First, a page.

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Date of Award
Dissertation - Pacific Access Restricted
Doctor of Education (Ed.D.)
Educational Administration and Leadership
First Committee Member
Second Committee Member
Third Committee Member
This qualitative collective case study explored the lives of five male academically resilient Latinos from the Central Valley of California, who despite the myriad of adversities, threats, and stressors present in their lives, persevered and became established professionals. Researchers have noted that Latino males continue to hold one of the lowest academic achievement rates compared to other ethnic populations. Thus, understanding how disadvantaged students succeed including the factors inherent which associate to their academic success is fundamental in order to help inform educational policies and practices. Utilizing a compilation of interviews and personal documents, findings demonstrated that internal dispositions (i.e., positive self-disposition, emotional intelligence, and self-efficacy), commitment to others, familismo (valuing family), as well as the influence and role of their father, helped promote invulnerability to threat. Concomitantly, learning through others' struggles and experiences provided them with context about what risk factors to avoid in order to remain grounded to their goals and aspirations. This study adds to existing scholarship by highlighting the importance and role that internal disposition (i.e., positive self-disposition, emotional intelligence, and self-efficacy), commitment to others, familismo, and learning through the context of others' struggles or experiences has upon promotion of academic resiliency. This research inquiry engages and affirms the theoretical frameworks utilized (i.e., resiliency theory and the resilience cycle) and adds positive self-disposition and self-efficacy as pivotal elements to the nucleus of the resilience cycle. This collective case study informs the importance of internal dispositions and the influence cultural underpinnings (i.e., familismo ) hold upon development of academic resilience. The dissertation closes with a summary of the major contributions to scholarship, implications, areas for future study, suggestions for practice, researcher reflections, and final thoughts.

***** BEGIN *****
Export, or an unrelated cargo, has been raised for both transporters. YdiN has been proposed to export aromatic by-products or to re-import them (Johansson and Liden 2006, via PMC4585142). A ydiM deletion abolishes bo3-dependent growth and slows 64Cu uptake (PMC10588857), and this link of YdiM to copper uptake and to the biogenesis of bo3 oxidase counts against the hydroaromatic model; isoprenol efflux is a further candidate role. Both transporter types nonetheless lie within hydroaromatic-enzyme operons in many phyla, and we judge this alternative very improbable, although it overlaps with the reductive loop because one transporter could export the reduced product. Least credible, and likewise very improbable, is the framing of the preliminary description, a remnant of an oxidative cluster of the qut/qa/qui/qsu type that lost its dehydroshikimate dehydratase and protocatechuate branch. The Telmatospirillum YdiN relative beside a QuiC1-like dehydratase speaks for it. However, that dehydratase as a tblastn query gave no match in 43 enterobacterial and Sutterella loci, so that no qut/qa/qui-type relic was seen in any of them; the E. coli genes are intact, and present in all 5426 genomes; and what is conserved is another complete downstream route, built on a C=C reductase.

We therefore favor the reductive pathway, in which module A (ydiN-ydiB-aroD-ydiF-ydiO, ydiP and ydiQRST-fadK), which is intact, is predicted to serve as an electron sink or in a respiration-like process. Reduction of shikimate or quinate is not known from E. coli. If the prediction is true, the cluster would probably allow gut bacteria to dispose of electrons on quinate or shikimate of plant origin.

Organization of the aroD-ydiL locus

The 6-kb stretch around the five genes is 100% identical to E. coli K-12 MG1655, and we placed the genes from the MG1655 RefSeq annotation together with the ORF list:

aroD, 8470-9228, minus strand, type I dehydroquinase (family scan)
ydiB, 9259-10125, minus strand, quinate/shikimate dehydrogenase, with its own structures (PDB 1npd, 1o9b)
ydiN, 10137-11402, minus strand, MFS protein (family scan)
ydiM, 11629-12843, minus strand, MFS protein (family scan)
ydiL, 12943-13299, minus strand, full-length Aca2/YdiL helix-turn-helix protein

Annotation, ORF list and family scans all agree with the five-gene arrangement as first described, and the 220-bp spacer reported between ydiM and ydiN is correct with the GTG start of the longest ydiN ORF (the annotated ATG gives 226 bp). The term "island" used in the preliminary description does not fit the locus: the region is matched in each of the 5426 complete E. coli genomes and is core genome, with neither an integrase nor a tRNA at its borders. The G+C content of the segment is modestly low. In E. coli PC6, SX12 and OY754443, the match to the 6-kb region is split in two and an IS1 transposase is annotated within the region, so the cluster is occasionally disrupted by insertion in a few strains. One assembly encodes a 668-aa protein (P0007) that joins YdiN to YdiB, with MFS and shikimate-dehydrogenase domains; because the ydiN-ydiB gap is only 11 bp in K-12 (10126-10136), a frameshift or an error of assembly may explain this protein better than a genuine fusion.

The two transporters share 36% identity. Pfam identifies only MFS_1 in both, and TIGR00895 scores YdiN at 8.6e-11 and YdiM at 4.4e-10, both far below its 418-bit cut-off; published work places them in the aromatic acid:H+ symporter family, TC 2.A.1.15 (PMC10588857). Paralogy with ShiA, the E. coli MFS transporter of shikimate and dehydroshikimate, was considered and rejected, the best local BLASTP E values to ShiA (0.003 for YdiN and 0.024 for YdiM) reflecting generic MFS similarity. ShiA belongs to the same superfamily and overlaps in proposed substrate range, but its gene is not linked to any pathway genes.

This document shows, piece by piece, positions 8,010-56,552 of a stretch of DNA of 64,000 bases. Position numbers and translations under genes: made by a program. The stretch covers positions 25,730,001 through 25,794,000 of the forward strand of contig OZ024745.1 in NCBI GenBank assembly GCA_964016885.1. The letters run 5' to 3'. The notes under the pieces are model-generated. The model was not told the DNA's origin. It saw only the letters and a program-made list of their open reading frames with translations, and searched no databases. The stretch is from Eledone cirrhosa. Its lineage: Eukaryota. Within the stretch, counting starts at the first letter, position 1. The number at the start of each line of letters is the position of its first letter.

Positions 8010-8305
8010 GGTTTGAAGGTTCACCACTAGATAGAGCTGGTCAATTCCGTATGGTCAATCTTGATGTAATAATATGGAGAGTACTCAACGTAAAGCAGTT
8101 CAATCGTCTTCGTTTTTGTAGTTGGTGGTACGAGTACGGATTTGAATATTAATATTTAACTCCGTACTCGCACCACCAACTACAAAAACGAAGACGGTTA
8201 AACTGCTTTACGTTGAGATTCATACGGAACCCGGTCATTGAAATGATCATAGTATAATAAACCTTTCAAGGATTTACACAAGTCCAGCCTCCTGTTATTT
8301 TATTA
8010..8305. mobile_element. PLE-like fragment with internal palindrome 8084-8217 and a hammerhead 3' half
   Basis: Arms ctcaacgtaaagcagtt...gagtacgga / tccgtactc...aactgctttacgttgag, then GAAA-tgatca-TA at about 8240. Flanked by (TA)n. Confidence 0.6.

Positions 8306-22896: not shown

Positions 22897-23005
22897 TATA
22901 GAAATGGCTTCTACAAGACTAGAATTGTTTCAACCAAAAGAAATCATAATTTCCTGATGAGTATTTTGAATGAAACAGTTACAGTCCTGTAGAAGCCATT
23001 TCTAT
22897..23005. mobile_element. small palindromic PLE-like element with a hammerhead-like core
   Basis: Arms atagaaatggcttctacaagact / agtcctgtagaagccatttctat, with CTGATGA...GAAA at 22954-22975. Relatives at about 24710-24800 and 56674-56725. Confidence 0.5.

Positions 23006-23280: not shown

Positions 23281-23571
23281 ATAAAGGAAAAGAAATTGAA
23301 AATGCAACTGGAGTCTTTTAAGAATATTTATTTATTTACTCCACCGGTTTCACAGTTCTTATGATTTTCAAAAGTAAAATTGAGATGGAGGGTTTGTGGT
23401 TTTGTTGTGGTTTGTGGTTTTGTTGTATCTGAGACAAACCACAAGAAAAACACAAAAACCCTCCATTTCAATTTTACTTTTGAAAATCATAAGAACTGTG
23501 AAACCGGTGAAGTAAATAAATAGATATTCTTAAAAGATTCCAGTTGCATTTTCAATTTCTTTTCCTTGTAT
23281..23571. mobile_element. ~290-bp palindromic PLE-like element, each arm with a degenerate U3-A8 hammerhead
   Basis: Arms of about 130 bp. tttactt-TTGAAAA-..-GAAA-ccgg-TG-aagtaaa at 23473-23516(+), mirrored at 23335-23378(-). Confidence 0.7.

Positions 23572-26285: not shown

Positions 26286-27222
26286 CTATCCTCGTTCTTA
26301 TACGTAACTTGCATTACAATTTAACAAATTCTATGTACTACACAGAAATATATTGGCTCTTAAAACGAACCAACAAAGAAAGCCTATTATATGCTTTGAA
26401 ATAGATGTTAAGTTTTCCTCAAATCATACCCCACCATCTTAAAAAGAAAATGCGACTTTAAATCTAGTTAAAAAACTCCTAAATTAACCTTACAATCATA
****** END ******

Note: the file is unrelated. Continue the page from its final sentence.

Coronado, Jesse Angel. (2014). Exploration of the interaction between risk and protective factors within the cultural construct of five male academically resilient Latino college graduates. University of the Pacific, Dissertation - Pacific Access Restricted. http://scholarlycommons.pacific.edu/uop_etds/60
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